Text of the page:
That sunny day in May 2010 in the gardens of 10 Downing Street seems a long time ago. Nick Clegg and David Cameron had only just agreed to form a coalition, and no-one was very sure where this would lead. For a short while, political observers seemed slightly disorientated, unsure as to how a coalition would work in Britain, especially as hung parliaments have, in the majority of cases, led to minority governments. Coalitions were supposed to be times for national emergencies. Indeed, few people really understood how a small, third party with various ideological fault-lines within it might fare in a partnership with a larger, more ruthless and avowedly centre-right party.
It soon became clear: not well. Support for the Lib Dems imploded, in part because many people had only plumped for them as a protest vote, but also because their core constituents – students and the disaffected centre-left – were horrified by their endorsement of the coalition’s radical economic policies. When they agreed to back a rise in tuition fees, explicitly breaking a manifesto pledge, effigies of Nick Clegg were burned. The defence that the sacred document known as the Coalition Agreement had primacy over party manifestoes may have been true according to parliamentary principles, but was democratically dubious. It certainly did not please the public. After all, who had voted for it?
The Lib Dem gamble that they could extract the promise of a referendum on coveted electoral reform would have been a good one, had it worked. After all, any Conservative claim to suffer from a voting bias is not only rubbish, it is also breathtakingly hypocritical: as Vernon Bogdanor has shown, at the last election, it took 33,468 votes to elect a Labour MP, and 35,028 votes to elect a Conservative MP. But to elect a Liberal Democrat MP, it took an enormous 119,780 votes! Of course, the Conservatives showed their rather shameless side in that bitter, intellectually vacuous campaign, but as Andrew Rawnsley has written: “Lesson for Mr Clegg and his party: if you are going to strike a “gentlemen’s agreement” be first sure that the other party is actually a gentleman.” Quite.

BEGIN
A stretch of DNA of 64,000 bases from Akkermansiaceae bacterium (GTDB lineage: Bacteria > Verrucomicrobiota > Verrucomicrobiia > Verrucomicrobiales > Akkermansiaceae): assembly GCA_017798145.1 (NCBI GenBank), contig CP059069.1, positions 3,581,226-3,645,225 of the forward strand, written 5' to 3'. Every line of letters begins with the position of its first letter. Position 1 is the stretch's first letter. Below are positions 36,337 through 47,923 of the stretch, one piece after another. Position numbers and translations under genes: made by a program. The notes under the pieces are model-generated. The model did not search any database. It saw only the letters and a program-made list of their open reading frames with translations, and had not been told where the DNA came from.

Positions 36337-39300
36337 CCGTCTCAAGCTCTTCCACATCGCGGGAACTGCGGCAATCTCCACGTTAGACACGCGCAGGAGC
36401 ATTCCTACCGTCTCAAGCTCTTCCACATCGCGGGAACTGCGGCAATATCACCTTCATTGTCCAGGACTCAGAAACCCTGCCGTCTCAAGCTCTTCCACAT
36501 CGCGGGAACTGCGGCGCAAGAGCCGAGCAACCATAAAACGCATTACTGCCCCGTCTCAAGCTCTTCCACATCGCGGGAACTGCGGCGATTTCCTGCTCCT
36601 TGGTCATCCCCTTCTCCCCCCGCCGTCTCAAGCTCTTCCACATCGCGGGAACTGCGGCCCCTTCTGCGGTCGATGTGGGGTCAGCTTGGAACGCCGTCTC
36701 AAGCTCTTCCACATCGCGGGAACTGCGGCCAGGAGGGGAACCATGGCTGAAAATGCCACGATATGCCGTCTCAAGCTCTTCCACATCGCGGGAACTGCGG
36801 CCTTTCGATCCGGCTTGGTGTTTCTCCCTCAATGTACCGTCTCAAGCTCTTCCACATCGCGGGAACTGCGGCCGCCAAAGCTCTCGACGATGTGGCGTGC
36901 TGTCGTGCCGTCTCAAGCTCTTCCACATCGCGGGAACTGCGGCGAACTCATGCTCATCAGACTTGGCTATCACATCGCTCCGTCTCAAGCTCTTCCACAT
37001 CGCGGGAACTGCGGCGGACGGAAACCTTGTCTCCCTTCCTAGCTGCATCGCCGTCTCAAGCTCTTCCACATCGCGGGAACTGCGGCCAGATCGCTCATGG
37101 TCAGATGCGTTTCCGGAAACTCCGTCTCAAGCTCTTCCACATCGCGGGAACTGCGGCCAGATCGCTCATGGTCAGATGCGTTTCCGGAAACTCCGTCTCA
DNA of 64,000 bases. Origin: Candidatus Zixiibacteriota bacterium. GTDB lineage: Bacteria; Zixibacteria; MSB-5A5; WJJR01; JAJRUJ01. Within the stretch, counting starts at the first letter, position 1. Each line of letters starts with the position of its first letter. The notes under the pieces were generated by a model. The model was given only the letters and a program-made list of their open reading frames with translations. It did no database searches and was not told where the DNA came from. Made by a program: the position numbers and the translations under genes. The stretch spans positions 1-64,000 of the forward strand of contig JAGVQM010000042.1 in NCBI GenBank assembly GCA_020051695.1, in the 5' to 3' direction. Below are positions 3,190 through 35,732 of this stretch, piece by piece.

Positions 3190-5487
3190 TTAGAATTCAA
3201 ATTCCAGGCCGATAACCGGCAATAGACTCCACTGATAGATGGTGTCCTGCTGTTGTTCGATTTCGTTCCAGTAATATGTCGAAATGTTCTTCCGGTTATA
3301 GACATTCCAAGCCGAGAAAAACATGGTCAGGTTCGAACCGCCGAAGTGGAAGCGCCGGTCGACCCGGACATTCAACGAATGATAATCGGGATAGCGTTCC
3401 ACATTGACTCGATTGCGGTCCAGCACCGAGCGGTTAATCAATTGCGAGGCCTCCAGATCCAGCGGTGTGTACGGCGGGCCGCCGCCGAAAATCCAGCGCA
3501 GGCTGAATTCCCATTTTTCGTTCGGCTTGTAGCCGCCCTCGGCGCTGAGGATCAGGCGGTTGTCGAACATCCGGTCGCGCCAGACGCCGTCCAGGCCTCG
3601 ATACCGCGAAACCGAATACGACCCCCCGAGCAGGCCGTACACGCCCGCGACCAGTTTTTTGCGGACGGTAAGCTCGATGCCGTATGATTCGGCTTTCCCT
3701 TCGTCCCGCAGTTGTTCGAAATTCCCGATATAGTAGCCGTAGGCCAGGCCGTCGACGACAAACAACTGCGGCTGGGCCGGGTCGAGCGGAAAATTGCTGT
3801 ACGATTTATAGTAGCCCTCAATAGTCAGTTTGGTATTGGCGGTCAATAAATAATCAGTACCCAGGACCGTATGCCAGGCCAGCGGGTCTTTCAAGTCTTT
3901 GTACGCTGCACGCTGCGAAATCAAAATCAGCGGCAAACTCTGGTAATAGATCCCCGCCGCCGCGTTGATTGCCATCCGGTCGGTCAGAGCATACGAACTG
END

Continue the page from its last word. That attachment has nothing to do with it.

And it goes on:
That said, had AV replaced the archaic First Past the Post System, it probably would have helped secure the Lib Dem’s future, but its potential effect was vastly overstated. According to Professor Bogdanor, the perception of bias is predominantly the result of the geographic distribution of voters: Conservatives are over-concentrated in their constituencies, meaning they win them with landslides, whereas Lib Dem voters are under-concentrated, meaning they hardly win at all. Labour has it best.
So, in part, the Lib Dems sacrificed their popularity to help form a government that would do much that they claimed was against their principles, and in return did not secure electoral reform that would (perhaps) guarantee their future. Tory backbenchers believe the Lib Dems hold too much sway over the government, whereas the public generally appears to believe they are dupes. What now?
The launch of the Liberal Left website, presenting a new faction within the party, on Wednesday may signal better times for the Lib Dems. They are still stuck within the coalition, as trying to break it and force an election now would probably be disastrous, but they are showing signs of intellectual regeneration. Joining the coalition may have been a bitter pill, but they did it for the perceived national interest. Now that bond markets have been reassured (for the moment, that is) that a strong government is in place, the Lib Dems are quite right to redefine themselves to voters. The social democratic grassroots wing of the Lib Dems has kept fairly quiet since the election as the more liberal leadership has run the show, but if the Lib Dems are ever going to win back those voters who thought they stood for social justice, not just ‘fiscal responsibility’, the time is now.
It may be optimistic, but last May they saw what the Tories are willing do to them when head-to-head in an election. Come May 2015, if the Lib Dems are naïve enough to think that Labour is the enemy, they really will get hammered. It would seem much more prudent to reinvest in the social justice vote. And start doing it now.